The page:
One of them sitting on a bed and propped against a dirty wall is still clearly in shock.
Most Israeli government and military officials reject the idea that Assad should be propped up.
The police state system that propped up dictators from Algiers to Islamabad for decades was unsustainable.
Lotto is propped up by the notion that “Hey, you never know” though of course you do know—you know that you will not win.
He was propped up in his bed with a mock-up of the cover of his new novel in hand.
A wood fire blazed in the centre of the circle formed by the men, and propped on iron legs above it was an iron pot.
Mayo set his hands into his thick hair, propped his head, and stared at the floor.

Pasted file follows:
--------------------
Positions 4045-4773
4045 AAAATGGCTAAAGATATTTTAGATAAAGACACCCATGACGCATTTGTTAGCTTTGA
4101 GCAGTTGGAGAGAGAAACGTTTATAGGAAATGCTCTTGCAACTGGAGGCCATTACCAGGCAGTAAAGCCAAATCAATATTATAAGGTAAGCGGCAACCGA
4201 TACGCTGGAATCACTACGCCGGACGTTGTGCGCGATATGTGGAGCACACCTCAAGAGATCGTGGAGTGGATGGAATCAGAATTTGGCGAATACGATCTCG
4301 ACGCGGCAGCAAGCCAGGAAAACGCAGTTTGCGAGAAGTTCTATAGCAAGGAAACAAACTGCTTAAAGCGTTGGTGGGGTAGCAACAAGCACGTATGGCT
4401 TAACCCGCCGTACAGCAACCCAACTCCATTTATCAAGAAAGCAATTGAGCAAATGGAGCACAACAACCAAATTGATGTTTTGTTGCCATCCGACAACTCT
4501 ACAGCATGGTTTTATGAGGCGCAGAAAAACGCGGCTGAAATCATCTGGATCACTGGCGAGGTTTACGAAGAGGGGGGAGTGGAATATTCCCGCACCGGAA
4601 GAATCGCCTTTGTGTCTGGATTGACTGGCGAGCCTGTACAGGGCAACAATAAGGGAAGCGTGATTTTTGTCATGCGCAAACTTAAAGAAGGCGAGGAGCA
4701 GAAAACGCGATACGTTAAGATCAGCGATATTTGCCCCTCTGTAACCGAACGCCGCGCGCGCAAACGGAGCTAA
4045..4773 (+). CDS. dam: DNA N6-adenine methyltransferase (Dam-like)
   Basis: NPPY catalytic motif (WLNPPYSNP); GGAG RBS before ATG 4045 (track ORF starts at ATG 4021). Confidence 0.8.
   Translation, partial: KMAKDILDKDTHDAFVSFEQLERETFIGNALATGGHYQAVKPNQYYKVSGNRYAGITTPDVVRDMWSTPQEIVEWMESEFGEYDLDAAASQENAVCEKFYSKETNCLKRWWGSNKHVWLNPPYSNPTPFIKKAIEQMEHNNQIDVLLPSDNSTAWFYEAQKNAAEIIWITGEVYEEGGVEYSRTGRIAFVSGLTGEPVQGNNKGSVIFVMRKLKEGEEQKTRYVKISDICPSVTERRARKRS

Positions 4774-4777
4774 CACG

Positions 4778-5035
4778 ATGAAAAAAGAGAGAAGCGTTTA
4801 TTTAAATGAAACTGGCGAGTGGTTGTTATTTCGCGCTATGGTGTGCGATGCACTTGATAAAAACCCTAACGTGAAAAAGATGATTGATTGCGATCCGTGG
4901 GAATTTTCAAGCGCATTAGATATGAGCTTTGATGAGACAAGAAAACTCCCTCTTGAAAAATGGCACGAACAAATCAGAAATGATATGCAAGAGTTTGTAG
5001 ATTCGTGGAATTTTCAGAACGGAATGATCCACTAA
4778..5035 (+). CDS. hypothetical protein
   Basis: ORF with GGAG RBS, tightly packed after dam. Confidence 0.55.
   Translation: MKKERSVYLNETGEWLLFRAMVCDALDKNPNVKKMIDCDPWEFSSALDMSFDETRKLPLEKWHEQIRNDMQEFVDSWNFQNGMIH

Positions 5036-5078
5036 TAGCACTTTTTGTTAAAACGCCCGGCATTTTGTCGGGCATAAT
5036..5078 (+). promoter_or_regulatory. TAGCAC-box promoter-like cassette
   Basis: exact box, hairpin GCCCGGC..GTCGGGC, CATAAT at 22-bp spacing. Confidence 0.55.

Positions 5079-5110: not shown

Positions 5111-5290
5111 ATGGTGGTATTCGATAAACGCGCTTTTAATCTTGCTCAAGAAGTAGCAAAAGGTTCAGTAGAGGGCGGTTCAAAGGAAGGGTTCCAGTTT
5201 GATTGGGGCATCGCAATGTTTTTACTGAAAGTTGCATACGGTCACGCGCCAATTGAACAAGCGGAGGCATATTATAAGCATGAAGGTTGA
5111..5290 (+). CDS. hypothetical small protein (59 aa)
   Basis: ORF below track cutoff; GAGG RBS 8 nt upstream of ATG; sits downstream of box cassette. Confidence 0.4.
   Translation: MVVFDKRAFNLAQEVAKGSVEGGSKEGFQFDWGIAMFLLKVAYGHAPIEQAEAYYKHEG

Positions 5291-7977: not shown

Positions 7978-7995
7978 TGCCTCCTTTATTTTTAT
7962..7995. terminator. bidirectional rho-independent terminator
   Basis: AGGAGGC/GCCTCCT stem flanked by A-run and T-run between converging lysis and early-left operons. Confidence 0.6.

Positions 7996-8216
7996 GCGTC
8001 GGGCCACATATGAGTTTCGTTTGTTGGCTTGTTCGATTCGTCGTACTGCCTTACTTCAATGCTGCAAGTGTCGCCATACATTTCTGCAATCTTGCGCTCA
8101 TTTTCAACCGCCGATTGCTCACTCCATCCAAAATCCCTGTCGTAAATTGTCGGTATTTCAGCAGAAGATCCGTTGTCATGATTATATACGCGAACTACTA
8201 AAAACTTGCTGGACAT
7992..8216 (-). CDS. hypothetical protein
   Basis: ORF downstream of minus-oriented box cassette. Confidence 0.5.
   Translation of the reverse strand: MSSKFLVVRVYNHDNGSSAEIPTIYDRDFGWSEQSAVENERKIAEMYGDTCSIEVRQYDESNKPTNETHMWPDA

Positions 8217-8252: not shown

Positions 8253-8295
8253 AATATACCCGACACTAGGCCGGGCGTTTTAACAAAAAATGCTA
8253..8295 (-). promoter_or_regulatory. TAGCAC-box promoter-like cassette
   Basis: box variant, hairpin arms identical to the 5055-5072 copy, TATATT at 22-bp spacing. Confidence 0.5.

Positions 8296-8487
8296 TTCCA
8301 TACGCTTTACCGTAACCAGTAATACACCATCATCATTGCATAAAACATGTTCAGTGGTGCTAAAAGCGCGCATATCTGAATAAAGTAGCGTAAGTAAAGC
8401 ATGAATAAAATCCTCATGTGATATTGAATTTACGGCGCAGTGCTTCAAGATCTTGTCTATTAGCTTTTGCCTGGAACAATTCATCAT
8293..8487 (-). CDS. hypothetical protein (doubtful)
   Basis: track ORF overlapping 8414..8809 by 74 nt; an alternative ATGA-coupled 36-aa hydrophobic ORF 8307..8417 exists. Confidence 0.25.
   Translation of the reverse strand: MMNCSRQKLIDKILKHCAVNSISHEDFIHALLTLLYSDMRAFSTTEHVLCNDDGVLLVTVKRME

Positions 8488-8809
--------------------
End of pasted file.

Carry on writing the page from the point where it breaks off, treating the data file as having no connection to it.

The face of the last was not visible, propped upon the arms which rested on the knees, and bidden by the hands.
There was less water in the fore part; her bow was propped high on the ledges.
If we study a skeleton, we see that it must be suspended, that it cannot be propped up.
"support," mid-15c., from Middle Dutch proppe "vine prop, support," of unknown origin. Probably related to Old High German pfropfo, German pfropfen "to prop," perhaps from Latin propago "a set, layer of a plant" (see propagation). Irish propa, Gaelic prop are from English.
"object used in a play," 1898, from props (1841), shortened form of properties (which was in theatrical use from early 15c.). Props as slang shortening for proper respects (or something similar) appeared c.1999.
short for propeller, 1914.
"to support," mid-15c., probably from prop (n.1) or a related verb in Dutch. Related: Propped; propping.
An article used on stage or in a film; property (1841+ Theater)
A propeller (1914+)